“Welcome to the everchanging landscape of early 21st century musical excavation,” began Karl Ikola’s liner notes to Michael Yonkers Band’s Microminiature Love. The album cemented the relationship between Sub Pop and psychedelic archivists DeStijl, demonstrating the former’s strength in finding and reissuing little-known gems from the psychedelic explosion. DeStijl’s Clint Simonson searches cut-out bins and Goodwills around the country for private presses, regional eccentricities and ignored basement experimenters. Often times, he finds, and conversely exposes, inventive psychedelic albums, undermining the exorbitant collector prices.
With Yonkers’ first effort, Simonson unveiled a hidden classic suppressed by major label follies and Yonkers’ subsequent music industry-spawned disillusionment. The Yonkers Band was like a coat of black paint over paisley rhythms with raw pre-punk psych-blues. By any means, the album would have never climbed American charts in the ‘60s but Yonkers believed in progression and fell for Sire’s promises. The label rejected the masters to Microminiature Love and Yonkers became another major label casualty. Instead of retreating or killing his producer a la Charles Manson, he grew a beard over his John Lennon mug, locked himself in the studio and produced a dark, dreary folk album with mystical overtones. Under the influence of Leonard Cohen, Yonkers lowered his voice, stripped down his sound and constructed Grimwood, a very personal album.
Yonkers risks coming off like a prima-donna as he bears his fears to the listener but his earnestness and stern delivery ensures the message’s integrity reaches the listener uncompromised. His masterful basement production sense assures each word’s perfect instrumental accentuation. He either fingerpicks or strums with due respect to the lyrics, adding echoing flute, droning synth and creeping harmonica to further the dark psych feel. “Lonely Fog” lists off complaints like “I will never shine again/’til I feel the daytime sky” with a chorus of “I am lonely, fog/Very lonely.” Yonkers processes his vocals to sound like a transmission from a lonely pirate radio operator and inserts a buzzing electric sound, further blackening his sparse instrumentation. His homemade guitar effect boxes, such as the wah-wah on the “Tripping through the Rose Garden,” lend his electric guitar an otherworldly voice. Though darkness engulfs the album, it contains a few bright points. Yonkers shares a joke with studio musicians “The Day is Through” and the chuckling begins the dark tale. On “And Give It to You,” he relays what actions he would take for his lover.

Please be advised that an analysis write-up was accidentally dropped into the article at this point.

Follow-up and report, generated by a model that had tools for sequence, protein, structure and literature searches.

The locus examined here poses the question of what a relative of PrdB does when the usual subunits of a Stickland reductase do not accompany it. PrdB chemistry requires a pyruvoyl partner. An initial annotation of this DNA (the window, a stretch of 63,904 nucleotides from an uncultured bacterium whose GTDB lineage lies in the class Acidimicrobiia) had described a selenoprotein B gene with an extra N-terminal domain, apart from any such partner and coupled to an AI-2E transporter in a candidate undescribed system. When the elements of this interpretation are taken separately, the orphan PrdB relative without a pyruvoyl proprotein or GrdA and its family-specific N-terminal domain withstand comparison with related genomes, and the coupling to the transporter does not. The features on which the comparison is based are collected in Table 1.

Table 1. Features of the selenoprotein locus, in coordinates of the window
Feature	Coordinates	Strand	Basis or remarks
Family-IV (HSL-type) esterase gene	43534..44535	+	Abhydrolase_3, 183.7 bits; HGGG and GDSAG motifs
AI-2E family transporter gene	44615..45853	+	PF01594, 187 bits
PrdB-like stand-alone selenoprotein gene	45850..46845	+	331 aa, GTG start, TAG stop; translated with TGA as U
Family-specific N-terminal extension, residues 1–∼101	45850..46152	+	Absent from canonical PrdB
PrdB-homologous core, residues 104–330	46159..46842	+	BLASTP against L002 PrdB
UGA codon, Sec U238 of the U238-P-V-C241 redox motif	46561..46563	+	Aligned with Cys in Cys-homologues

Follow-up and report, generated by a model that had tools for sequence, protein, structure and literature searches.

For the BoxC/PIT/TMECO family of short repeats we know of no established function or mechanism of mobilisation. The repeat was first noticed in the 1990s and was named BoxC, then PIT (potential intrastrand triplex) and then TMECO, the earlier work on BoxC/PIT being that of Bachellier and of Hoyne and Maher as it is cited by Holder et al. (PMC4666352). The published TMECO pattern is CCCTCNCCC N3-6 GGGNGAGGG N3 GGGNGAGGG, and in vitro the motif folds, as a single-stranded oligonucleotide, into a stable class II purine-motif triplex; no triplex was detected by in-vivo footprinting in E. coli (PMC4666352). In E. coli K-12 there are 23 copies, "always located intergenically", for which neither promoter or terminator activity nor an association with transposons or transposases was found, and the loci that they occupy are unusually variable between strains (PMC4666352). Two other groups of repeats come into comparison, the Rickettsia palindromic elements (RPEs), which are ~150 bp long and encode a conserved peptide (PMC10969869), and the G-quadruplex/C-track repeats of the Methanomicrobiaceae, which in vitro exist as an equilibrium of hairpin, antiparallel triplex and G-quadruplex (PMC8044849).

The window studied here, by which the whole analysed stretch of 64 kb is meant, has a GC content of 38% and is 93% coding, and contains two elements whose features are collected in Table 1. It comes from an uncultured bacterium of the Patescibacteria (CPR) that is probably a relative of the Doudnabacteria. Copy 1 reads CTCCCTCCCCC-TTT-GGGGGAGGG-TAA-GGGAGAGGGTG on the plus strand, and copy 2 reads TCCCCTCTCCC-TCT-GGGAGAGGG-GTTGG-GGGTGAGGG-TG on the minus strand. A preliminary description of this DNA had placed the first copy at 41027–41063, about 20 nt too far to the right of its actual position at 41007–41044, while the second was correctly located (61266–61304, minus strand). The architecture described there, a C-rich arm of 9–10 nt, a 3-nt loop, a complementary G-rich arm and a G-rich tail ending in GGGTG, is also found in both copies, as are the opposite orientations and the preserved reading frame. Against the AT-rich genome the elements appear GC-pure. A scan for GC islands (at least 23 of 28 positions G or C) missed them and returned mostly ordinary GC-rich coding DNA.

“And Give It To You” also reveals Yonkers weakness, as he tosses off the occasional dud of a couplet. The corniness of the tune’s basis lends itself to parody but Yonkers only fans the flames with lines like “I’d ask my guardian angel/If it would be okay/To rent a room in heaven/If only for the day.” However, a loose barroom chorus of “And give it to you” saves the song from mediocrity. On “The Day is Through,” Yonkers rattles off a few weak couplets like “I will stay here for the hour/I will pick the only flower” but most of the time poetry is crisp and concise. Even when presenting weak couplets like “There is an answer/It lies in the dance,” Yonkers’ conviction allows the listener to oversee his lyrical shortcomings much of the time.
Michael Yonkers still creates chunks of primal psychedelica and his vast back catalog still warrants reissuing. He proved ahead of his time, as both reissued albums sold poorly upon initial release. An artist with no outlet, Yonkers is pictured throwing copies of Grimwood in the air on the back of Microminature Love feasibly out of frustration with its sales. With the reissue of Grimwood, Yonkers may just find the audience he panned for almost 40 years ago.